New fire station nears finish line in Greenfield

The main drive-thru apparatus bay that will house fire trucks.

The main drive-thru apparatus bay that will house fire trucks. STAFF PHOTO/PAUL FRANZ

The outbuilding, a separate building that was added with grant money, will house trailers, ATVs, a rescue boat and other equipment.

The outbuilding, a separate building that was added with grant money, will house trailers, ATVs, a rescue boat and other equipment. STAFF PHOTO/PAUL FRANZ

The front of the new Greenfield Fire Station.

The front of the new Greenfield Fire Station. STAFF PHOTO/PAUL FRANZ

The small museum area that will house the historic pumper and other artifacts.

The small museum area that will house the historic pumper and other artifacts. STAFF PHOTO/PAUL FRANZ

The Day Room with dining area and attached kitchen.

The Day Room with dining area and attached kitchen. STAFF PHOTO/PAUL FRANZ

Fire Capt. Peter McIver and Fire Chief Robert Strahan with the air bottle filling machine for Scott Air-Paks.

Fire Capt. Peter McIver and Fire Chief Robert Strahan with the air bottle filling machine for Scott Air-Paks. STAFF PHOTO/PAUL FRANZ

Built-in windows and a manhole for simulated rescues in the main apparatus bay.

Built-in windows and a manhole for simulated rescues in the main apparatus bay. STAFF PHOTO/PAUL FRANZ

The smaller apparatus bay that will house ambulances and other vehicles.

The smaller apparatus bay that will house ambulances and other vehicles. STAFF PHOTO/PAUL FRANZ

By MARY BYRNE

Staff Writer

Published: 12-25-2023 8:00 AM

Modified: 12-26-2023 1:09 PM


GREENFIELD — Though move-in remains a few months away, the new fire station on Main Street is inching toward completion.

“Now is the part of the project that is the finish work, the detail work,” Fire Chief Robert Strahan said from the station last week.

According to Strahan, construction is expected to wrap up by the end of January, but due to supply chain delays related to the electric work, move-in isn’t expected until March or April 2024.

Though behind schedule, the project remains on track to be completed on budget, according to Project Manager Neil Joyce. As of mid-November, construction was about 72% complete, with approximately 71% of the available budget spent and another $850,000 in contingency funds remaining.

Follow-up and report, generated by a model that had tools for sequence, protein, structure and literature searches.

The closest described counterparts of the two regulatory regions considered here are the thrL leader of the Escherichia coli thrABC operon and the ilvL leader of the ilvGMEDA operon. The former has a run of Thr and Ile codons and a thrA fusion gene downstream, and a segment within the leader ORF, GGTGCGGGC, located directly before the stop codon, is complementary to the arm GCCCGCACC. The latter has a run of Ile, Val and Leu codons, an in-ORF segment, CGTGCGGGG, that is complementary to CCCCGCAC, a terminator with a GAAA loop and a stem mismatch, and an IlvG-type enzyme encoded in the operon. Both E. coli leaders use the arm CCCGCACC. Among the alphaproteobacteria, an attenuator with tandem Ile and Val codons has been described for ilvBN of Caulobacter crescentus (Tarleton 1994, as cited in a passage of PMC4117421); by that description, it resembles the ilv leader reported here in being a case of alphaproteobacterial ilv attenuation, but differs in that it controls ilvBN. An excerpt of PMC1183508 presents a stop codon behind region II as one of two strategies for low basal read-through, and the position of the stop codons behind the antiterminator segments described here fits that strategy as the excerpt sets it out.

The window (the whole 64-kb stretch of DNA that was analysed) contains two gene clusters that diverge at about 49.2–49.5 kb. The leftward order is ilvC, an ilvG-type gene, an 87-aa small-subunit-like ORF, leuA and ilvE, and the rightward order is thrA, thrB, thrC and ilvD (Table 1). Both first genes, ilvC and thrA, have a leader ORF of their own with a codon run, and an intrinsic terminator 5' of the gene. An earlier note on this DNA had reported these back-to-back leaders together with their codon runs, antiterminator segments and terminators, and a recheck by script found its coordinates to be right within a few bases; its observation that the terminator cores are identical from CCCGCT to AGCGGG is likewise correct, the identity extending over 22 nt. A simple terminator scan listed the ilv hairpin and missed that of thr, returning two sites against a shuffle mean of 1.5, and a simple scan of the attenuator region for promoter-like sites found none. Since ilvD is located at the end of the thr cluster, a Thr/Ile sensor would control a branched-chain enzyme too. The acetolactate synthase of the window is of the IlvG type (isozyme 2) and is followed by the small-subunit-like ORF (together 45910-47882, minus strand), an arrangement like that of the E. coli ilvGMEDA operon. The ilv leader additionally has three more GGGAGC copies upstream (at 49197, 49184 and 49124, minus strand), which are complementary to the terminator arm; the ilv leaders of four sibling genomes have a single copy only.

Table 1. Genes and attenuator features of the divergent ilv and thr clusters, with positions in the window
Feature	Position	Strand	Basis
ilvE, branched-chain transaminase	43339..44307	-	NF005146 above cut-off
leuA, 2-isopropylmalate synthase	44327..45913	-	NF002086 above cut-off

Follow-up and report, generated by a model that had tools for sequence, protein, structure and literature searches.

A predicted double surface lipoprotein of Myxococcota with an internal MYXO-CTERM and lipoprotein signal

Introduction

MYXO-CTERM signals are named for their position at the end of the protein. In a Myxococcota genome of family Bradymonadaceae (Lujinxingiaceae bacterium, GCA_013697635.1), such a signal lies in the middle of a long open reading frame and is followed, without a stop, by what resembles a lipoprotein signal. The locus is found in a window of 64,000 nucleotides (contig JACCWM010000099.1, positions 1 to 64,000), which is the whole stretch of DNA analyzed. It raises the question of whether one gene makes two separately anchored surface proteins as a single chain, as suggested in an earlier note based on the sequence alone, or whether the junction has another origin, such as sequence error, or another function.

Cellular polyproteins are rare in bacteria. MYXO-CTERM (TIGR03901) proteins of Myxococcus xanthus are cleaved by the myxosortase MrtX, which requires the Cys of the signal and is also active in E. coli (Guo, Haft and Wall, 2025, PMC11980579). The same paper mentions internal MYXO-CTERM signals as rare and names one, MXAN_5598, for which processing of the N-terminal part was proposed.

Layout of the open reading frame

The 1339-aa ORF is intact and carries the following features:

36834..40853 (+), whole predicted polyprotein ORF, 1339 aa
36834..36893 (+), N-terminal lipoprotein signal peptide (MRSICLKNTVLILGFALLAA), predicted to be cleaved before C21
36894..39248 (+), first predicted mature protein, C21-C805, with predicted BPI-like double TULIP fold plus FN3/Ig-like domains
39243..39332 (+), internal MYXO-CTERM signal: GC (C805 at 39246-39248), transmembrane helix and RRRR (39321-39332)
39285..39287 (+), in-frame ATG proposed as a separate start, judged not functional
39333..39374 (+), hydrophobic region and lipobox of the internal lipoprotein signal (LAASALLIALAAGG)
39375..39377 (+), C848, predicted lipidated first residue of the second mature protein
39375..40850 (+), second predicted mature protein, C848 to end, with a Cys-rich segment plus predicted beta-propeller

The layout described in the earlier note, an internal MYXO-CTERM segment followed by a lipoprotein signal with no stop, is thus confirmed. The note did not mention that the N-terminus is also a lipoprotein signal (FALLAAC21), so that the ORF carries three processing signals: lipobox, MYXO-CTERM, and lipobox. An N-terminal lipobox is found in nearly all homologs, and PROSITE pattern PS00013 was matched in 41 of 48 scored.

The $21.7 million cost of the project includes $2 million for the temporary station on Hope Street, which firefighters moved into in September 2021 with an expectation of being there for two years. In September 2022, the Fire Station Building Committee’s decision to award the $14.47 million contract for the new building’s construction to D.A. Sullivan & Sons resulted in a budget shortfall for the project of $2.75 million. Previously, $18 million had been budgeted.

To compensate for the $2.75 million shortfall, Mayor Roxann Wedegartner requested that City Council appropriate $1.75 million — a sum composed of bond premium and capital stabilization — and $500,000 in borrowing. Wedegartner also contributed another $500,000 in American Rescue Plan Act (ARPA) funding, bringing the city’s contribution in ARPA funds for the fire station to $2 million. Lastly, City Council accepted a $978,000 U.S. Department of Agriculture grant that goes toward the fire station’s construction.

Related to delays in the electrical supplies, Joyce explained to the Fire Station Building Committee last month that the delivery wouldn’t arrive until around March 1, 2024.

“Electrical items, such as main switch gear and emergency generators, are in very short supply and lead times have swelled tremendously over the last 24 months to obtain this equipment,” he said.

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Given the cost of temporary electric installation, which would allow the department to move in sooner, and the potential disruption to the department for switching to the permanent system, the committee voted in favor of waiting until the permanent electrical switchgear arrived. This was decided upon after weighing the monthly cost of extending the city’s stay at the temporary station on Hope Street (about $31,000 per month) and the cost of installing the temporary system.

“From an economic standpoint, it doesn’t make sense to incur that cost at this point and time,” Joyce said.

In a recent tour of the building, Strahan highlighted the design’s emphasis on firefighter safety, including a designated transition/decontamination area, a vehicle exhaust extraction system, and built-in windows and a manhole for simulated rescues.

“Previously, we never had a safe means to practice rescuing someone from a window,” Fire Capt. Peter McIver said. “It really integrates a lot of safe working environments.”

The apparatus bay will offer “significantly more clearance” around the engines for cleaning and service work, Strahan added.

In addition to a dining area, exercise room, a “bullpen” for reports and a dorm quarter, the building will also house the Emergency Operations Center. The small museum at the front of the station, for which the department is working with a curator, likely won’t be ready until June or July.

Elements of the building itself will offer a nod to the old station, said Strahan, with a refurbished window from the old building above the public entrance, the firefighters’ pole located in the apparatus area, and keystones from the former building built into the structure. The address, too, is a nod to the old building, formerly at 412 Main St. before it was demolished. The current building will have an address of 41 Main St.

“It’s been a lot of work, but we’re looking forward to it,” Strahan said. “The firehouse is beautiful, and it’s going to be something the city and the residents can be proud of.”

Reporter Mary Byrne can be reached at mbyrne@recorder.com or 413-930-4429. Twitter (X): @MaryEByrne.